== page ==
Do you remember the pointless lies you told yourself as a child?

I do. I remember them quite clearly. They were harmless but very powerful and sometimes I almost managed to convince myself that they were true. As far as I can see they served one major purpose: to make life more interesting and more like a story. They were micro-stories.

One that clearly stuck in my mind was almost convincing myself that I'd heard a cuckoo. Of course it was really a wood pigeon, but a cuckoo was more exciting. Cuckoos belonged in fairy tales and clocks, and how much more exciting would it have been to live in a fairy tale?

Or indeed in a clock.

The important thing was not to question it. Of course there was that tiny nagging rational voice at the back of my mind whispering "Pigeon... pigeon... pigeon..." but who was interested in pigeons? Pigeons were commonplace, part of the mundane, the everyday, the here and now. Hearing a pigeon was not anything to get excited about. Hearing a cuckoo - well in my head that was halfway to Narnia.

Sometimes I was nearly successful in convincing myself that the tiny lie was true. There was another occasion that now I remember as almost real. I can see it in my mind's eye. I was about four or five and obsessed with space travel. One morning I looked out of my window and "saw" a satellite. It was a silver sphere covered with long spikes - more like a sea urchin than space hardware - moving along swiftly beneath the solid grey cloud deck that passed for the sky for most of the early 1970s in the UK. I ran downstairs and told my Dad who was standing in the kitchen in his dressing gown making tea. His response was something along the lines of an indulgent "Oh really? That must have been exciting."

The odd thing is I remember so much detail but of course it has to be made up. For one thing no satellites had orbits that took them below the clouds in London N9. No satellites were in the form of giant silver sea-urchins. And for another I can't quite shut that tiny rational voice up.

"Pigeon... pigeon... pigeon..."

I had to have been making it up but the self delusion was so strong in this instance - and has now had so long to bed in - that this imaginary incident looms as large in my memory as many of my real experiences. It is just as valid a part of my background as watching Top Cat on TV, seeing Saturn through a telescope for the first time or the sheer panic I felt when for a few seconds I was convinced that my parents had abandoned me in a department store.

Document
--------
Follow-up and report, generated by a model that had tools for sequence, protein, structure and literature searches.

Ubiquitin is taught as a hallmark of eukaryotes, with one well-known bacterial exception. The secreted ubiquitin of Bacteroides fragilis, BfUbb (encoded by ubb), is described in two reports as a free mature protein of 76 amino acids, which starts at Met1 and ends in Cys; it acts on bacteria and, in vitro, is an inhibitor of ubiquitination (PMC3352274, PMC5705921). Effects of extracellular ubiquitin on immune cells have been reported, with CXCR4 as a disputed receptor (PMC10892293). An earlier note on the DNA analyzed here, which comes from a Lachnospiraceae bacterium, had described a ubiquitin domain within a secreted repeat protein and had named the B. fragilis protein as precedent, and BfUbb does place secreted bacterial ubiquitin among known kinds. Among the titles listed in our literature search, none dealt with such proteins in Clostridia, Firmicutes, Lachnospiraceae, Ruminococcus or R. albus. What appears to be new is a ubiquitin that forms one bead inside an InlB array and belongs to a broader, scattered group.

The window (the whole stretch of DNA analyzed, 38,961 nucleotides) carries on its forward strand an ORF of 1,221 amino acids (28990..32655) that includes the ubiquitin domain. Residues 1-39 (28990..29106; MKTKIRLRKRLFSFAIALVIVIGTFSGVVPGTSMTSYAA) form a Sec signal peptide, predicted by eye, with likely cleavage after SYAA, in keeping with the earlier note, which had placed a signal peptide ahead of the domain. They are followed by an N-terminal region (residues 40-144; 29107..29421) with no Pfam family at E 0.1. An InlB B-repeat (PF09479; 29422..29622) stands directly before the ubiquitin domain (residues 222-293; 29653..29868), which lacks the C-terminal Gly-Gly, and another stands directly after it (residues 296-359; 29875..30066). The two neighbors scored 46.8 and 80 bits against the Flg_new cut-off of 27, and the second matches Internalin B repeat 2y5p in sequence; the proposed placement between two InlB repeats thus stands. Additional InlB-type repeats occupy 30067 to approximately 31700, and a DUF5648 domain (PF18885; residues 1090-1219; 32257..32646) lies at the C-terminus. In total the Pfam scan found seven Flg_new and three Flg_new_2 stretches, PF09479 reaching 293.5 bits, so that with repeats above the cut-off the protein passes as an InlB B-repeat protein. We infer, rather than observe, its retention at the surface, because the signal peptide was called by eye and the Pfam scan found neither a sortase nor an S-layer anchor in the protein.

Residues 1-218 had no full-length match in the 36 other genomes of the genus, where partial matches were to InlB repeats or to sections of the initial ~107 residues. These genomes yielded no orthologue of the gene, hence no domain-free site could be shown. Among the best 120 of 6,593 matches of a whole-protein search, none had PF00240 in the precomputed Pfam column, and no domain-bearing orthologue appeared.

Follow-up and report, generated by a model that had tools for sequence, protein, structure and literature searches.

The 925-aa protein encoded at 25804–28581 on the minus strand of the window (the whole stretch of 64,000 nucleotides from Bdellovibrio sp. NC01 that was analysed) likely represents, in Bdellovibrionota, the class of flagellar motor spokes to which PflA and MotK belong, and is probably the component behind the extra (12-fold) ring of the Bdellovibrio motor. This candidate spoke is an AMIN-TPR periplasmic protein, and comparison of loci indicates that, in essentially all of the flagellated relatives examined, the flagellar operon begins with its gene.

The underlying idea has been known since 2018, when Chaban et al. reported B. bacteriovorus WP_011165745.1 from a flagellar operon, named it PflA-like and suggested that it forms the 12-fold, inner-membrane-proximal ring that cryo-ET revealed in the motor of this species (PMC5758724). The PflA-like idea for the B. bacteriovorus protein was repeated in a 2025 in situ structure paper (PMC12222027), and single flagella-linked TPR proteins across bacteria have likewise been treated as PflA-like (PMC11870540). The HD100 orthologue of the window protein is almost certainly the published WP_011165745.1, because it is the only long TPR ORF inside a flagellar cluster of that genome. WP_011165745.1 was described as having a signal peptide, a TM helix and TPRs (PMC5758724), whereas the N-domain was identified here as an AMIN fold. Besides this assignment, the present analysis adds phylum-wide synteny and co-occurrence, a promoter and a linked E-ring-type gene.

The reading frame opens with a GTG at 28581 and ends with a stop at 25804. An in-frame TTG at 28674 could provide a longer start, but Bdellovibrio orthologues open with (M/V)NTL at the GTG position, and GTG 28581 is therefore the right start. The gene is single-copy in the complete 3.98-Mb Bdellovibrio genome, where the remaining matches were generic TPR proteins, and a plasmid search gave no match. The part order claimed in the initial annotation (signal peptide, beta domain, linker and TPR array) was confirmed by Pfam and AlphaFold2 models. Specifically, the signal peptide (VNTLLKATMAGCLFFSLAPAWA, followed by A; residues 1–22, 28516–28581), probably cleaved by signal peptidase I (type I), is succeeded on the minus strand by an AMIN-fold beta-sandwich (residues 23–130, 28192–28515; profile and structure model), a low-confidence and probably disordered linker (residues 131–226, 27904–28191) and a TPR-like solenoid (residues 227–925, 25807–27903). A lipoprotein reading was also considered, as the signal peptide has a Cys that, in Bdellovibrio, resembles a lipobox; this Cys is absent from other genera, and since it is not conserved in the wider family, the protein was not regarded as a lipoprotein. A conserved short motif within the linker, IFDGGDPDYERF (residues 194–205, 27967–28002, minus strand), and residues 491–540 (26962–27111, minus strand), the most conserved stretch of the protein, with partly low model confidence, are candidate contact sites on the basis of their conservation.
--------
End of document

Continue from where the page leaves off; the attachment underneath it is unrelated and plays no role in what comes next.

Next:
Everything is much more intense as a child anyway. We have yet to learn what our expectations of the world should be and so notice everything around us, sometimes spotting things that adults overlook. To make sense of this brand new complex universe we find ourselves in, our imaginations are supercharged, the Question Machine turned up to eleven. Any books we read and television programmes or films we watch are so much a larger proportion of our experiences than they would be if we'd read or watched them as an adult that it's no wonder the real world often doesn't seem to match up to the potential of our imaginations. There was a police box at the end of our street. One day it vanished, probably removed as part of the Met's program of phasing them out in the early 1970s. I almost convinced myself it had dematerialised. It's understandable that faced with yet another example of the mundane we might try on a more outlandish explanation for size.

But eventually we become adults and the sheer quantity of our experiences in the real world starts to outstrip our supply of more fanciful imaginings. The tiny rational voice is no longer so tiny.

"Pigeon! Pigeon! Pigeon!"

And the small lies we almost managed to convince ourselves were true? They start to get recycled for more sinister purposes. If we're not careful they might start playing a part in getting us to ignore injustice, rationalise our selfishness or justify hatred. I think it's far better that we return them to their original use and every so often entertain ourselves with micro-stories of what the world might only be like if... The rational part of our brains still has a very important part to play - fighting injustice, practicing altruism and battling hatred.